Program Schedule

Rapid Point-of-Care Testing for Nine Sexually Transmitted Diseases

Session: Poster Abstract Session: Sexually Transmitted Infections: Epidemiology, Screening, and Management
Saturday, October 11, 2014
Room: The Pennsylvania Convention Center: IDExpo Hall BC
Background: Delays in the reporting of STD testing sometimes result in inappropriate patient care where a patient must be called back in for treatment.  Some STDs may be missed because not all specimens are tested in a comprehensive manner.  A multiplex PCR-based point-of-care test was developed using the FilmArray® system capable of detecting 9 STD pathogens from a single specimen in about an hour.  This system is currently in development and is not FDA approved.

Methods: A Sexually Transmitted Disease (STD) Panel was designed for the FilmArray device to detect the following organisms: Chlamydia trachomatis (CT), Neisseria gonorrhoeae (GC), Treponema pallidum (TP), Trichomonas vaginalis (TV), Mycoplasma genitalium (MG), Ureaplasma urealyticum (UU), Haemophilus ducreyi, and herpes simplex viruses (HSV1, HSV2).  Several sets of PCR primers for the detection of each of these pathogens were multiplexed and validated with laboratory strains or plasmids.  Pathogen detections were confirmed by melt curve analysis.  The STD panel test results were compared to standard clinical tests including gram stain, CT/GC amplification (Roche Aptima), wet mount examination, HSV PCR, and serum syphilis IgG/TP-PA with RPR staging.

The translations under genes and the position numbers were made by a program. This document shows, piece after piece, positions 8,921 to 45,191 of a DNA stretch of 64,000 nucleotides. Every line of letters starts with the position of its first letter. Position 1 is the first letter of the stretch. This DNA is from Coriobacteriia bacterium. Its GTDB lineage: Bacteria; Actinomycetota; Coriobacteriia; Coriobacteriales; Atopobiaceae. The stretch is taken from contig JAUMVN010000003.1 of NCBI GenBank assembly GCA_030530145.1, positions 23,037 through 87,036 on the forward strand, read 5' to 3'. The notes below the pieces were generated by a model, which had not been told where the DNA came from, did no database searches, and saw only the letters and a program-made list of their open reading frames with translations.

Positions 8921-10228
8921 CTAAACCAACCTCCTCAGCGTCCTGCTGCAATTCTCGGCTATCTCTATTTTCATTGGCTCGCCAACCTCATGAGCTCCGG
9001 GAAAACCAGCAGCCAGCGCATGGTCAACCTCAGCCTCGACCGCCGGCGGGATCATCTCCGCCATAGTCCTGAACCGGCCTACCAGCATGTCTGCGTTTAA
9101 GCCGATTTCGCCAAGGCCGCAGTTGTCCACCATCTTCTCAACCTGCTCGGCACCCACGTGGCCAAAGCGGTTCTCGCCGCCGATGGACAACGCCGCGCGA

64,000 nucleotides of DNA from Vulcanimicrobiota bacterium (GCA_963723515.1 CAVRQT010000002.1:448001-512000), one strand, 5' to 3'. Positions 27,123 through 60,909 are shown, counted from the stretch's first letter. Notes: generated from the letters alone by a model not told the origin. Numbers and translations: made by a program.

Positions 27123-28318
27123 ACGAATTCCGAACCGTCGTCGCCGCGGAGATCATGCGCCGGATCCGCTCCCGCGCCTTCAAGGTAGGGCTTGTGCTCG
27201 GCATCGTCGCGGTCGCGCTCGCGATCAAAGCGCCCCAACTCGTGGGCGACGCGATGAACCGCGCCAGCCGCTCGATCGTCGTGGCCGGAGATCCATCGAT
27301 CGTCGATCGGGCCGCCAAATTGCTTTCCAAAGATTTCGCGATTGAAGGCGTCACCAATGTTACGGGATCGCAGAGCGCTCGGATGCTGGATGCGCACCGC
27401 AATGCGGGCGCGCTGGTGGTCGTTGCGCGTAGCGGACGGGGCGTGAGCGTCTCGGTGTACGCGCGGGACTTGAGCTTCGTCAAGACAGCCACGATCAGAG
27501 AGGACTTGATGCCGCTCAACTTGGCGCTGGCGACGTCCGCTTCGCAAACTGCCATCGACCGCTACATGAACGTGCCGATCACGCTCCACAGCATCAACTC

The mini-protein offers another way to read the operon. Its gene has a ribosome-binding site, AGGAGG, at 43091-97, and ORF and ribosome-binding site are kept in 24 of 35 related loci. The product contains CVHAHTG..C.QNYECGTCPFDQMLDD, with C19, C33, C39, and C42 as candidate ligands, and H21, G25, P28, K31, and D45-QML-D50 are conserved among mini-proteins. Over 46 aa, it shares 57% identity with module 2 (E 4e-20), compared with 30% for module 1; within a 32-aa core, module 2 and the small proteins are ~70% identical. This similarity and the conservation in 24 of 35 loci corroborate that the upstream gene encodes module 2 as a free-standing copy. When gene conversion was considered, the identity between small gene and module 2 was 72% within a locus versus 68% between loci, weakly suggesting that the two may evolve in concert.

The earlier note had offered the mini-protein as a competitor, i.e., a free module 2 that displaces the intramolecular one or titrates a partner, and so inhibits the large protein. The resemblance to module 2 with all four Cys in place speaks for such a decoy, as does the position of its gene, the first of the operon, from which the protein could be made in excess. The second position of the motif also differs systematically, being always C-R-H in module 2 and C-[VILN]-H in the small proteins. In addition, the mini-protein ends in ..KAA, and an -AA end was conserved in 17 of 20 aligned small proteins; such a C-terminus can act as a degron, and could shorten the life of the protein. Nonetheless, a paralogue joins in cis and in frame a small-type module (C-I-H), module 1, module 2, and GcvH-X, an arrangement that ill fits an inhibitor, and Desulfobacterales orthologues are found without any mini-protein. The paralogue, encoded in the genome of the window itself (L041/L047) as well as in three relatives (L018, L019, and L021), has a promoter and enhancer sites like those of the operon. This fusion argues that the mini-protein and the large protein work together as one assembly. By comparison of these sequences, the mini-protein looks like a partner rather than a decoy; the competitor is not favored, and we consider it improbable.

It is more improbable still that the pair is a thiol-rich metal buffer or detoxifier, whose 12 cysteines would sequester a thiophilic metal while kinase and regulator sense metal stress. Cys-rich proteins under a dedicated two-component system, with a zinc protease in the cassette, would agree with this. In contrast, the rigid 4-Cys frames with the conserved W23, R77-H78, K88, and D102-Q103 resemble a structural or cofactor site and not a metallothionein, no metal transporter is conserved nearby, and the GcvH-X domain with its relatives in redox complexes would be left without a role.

Results: 293 symptomatic subjects were consented and enrolled at the Salt Lake Valley STD clinic, providing 296 directly comparable specimens including urine (N=183), vaginal (35), rectal (31), ulcer (28), cervical (16), and urethral swabs (3). STD pathogen detections by FilmArray included CT (47), GC (19), TP (10), TV (9), MG (26), UU (56), HSV1 (6), HSV2 (5), and none (178).  The concordances between the FilmArray® STD panel and standard PCR testing were CT (kappa = 0.93), NG (0.95), HSV1 (1.00), and HSV-2 (1.00).  FilmArray detections of the reportable STD pathogens were immediately referred for contact notification and treatment.

Conclusion: Point-of-care STD testing using the FilmArray was feasible and well accepted in our STD clinic. The test was useful, easy to run, and it provided timely results for the patients and providers. This rapid multiplex PCR detection method offers the prospect of improved clinical care for symptomatic patients presenting to an STD clinic.

John Kriesel, MD, Infectious Diseases, University of Utah School of Medicine, Salt Lake City, UT, Bryce Moulton, Infectious Diseases, University of Utah, Salt Lake City, UT, Cammie Barrus, NP, Salt Lake Valley Health Department, Salt Lake City, UT, Michael Vaughn, BS, Biofire Diagnostics, LLC, Salt Lake City, UT and Robert Crisp, PhD, R&D Biochemistry, Biofire Diagnostics, LLC, Salt Lake City, UT


J. Kriesel, Biofire, Inc.: Grant Investigator, Research support

B. Moulton, None

C. Barrus, None

M. Vaughn, Biofire, Inc.: Employee, Salary

R. Crisp, Biofire, Inc.: Employee and Grant Investigator, Research grant and Salary

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